Over the past year, many of us have been amazed at the effectiveness of the new one Vaccines against coronavirus covid-19. This development is a success story made possible by decades of careful, balanced progress in microbiology and immunology, overseen by certain legal and regulatory frameworks.
The story of how educational technology (edtech) gets into our schools is quite different. Understanding how these two approaches differ can help us understand why our country urgently needs to change its approach to edtech if we expect the success of this type of teaching and learning.
Let’s look at three key differences.
First, a study of efficacy in drug development is required by law. Before pharmaceutical companies are allowed to sell their products to the public, they must conduct costly clinical trials to prove that the products are safe and effective. There are no such requirements in education. Everyone can design and build a product, hire a former school principal and start selling to schools. Many educational companies raise tens of millions of dollars without even conducting a proper performance study.
Second, the federal government annually invests significant funds in subsidizing clinical trials of new drugs and vaccines that help us understand which drugs are where, for whom, and under what circumstances. Only our national health institutes invests more than $ 40 billion annually in medical research.
But despite our school costs in between $ 26 billion and $ 41 billion every year for edtech products – even up to the cost of a pandemic – our federal institute of educational sciences (IES) has a budget of only 00.6 billion dollars a year (about $ 600 million). According to its director, IES has properly researched about zero percent of the 9,000 edtech products on the market so far. This means that educators see little of how edtech tools and services work, where they work, for whom they work and under what circumstances.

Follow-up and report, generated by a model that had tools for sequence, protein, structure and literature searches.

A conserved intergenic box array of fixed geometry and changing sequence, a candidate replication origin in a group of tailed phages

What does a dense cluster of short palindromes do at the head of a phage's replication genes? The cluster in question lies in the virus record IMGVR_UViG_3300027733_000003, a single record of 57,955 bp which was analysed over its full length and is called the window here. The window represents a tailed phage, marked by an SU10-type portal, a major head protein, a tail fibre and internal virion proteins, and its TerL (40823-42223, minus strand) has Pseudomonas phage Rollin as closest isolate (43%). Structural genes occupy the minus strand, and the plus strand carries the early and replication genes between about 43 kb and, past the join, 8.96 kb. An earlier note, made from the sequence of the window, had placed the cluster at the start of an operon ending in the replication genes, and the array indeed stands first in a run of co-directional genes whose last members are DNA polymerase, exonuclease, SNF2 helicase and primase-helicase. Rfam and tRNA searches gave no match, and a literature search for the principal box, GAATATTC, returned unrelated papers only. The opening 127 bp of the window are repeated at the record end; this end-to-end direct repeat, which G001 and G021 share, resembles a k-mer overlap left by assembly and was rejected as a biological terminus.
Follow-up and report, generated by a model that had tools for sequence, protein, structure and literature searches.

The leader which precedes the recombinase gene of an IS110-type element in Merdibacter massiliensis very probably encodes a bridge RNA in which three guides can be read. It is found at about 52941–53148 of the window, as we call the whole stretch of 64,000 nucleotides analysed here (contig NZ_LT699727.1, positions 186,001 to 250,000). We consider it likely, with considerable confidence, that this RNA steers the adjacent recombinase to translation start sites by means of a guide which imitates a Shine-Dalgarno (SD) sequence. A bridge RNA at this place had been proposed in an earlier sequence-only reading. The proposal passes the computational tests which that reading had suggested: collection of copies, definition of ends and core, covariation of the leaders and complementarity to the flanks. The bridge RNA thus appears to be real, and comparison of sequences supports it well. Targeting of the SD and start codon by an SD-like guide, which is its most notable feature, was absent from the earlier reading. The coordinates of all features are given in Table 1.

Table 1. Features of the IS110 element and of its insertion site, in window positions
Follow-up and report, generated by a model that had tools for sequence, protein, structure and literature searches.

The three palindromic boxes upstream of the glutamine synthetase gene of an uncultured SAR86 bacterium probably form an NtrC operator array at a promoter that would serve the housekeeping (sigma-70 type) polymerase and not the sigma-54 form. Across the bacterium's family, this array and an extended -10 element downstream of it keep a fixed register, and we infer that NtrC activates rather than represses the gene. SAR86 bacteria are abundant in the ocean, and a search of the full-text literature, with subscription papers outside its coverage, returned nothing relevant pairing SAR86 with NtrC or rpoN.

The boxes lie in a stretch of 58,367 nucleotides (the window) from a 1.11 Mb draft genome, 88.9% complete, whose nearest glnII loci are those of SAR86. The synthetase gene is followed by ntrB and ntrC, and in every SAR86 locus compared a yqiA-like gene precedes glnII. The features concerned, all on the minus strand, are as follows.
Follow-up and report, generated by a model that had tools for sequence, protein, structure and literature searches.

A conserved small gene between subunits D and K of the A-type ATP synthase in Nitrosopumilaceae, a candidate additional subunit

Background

The third is this risk of lawsuits. When drugs cause unexpected harm to consumers, patients can often sue for damages. Meanwhile, technology education companies do not face a reliable risk of liability for students who “do not study”. This is one of the few reasons why edtech has little incentive to conduct effectiveness studies.
Of course, it should be noted that this is not a comparison of apples with apples. Vaccine testing involves a simpler process to determine efficacy. For comparison, the schools and classes of our country are different from each other dozens of ways we are just beginning to understand. These options often make edtech products very effective in some schools and extremely ineffective in others.
As a result, despite our best intentions, our schools spend tens of billions of dollars each year on edtech products that almost never usedused unfairly, or not used at all. In turn, students are collectively deprived of tens of millions of hours of significant learning opportunities, thus disproportionately affects color students. No wonder famous editorial of 2019 found no evidence that our massive investment in technology for schools has yet to have a noticeable impact.
Properly designed, implemented and supported, edtech can support students and faculty in transformative and empowering abilities. We see glimpses of this potential through case studies, anecdotal reviews and a very small amount of research conducted so far.
If we want students and faculty to receive substantial support through edtech, our schools need reliable information on which products are most likely to work for their students in their unique environment. Schools also urgently need information on how to most effectively implement edtech products.
There is no label to get this information in our schools. Someone has to conduct and disseminate the necessary research. Given how different the legal and regulatory framework for edtech is compared to pharmaceuticals, we cannot expect individual edtech companies, school districts, or states to bear the brunt of this type of research. It is very valuable to society, but is also complex, expensive and may require coordination in hundreds of schools for research. Only our federal government can properly organize and fund this type of research.
As Congress and the Biden administration continue to focus on the pandemic, more funding should become an important part of the equation to explore the role of technology in education. We lose tens of billions of dollars a year and lose hundreds of millions of hours of student learning.
Our country’s schools urgently need independent research to help them make better decisions. It is time to dramatically expand the mission and budget of the Federal Institute of Educational Sciences so that we can begin developing and evaluating edtech more as we make vaccines.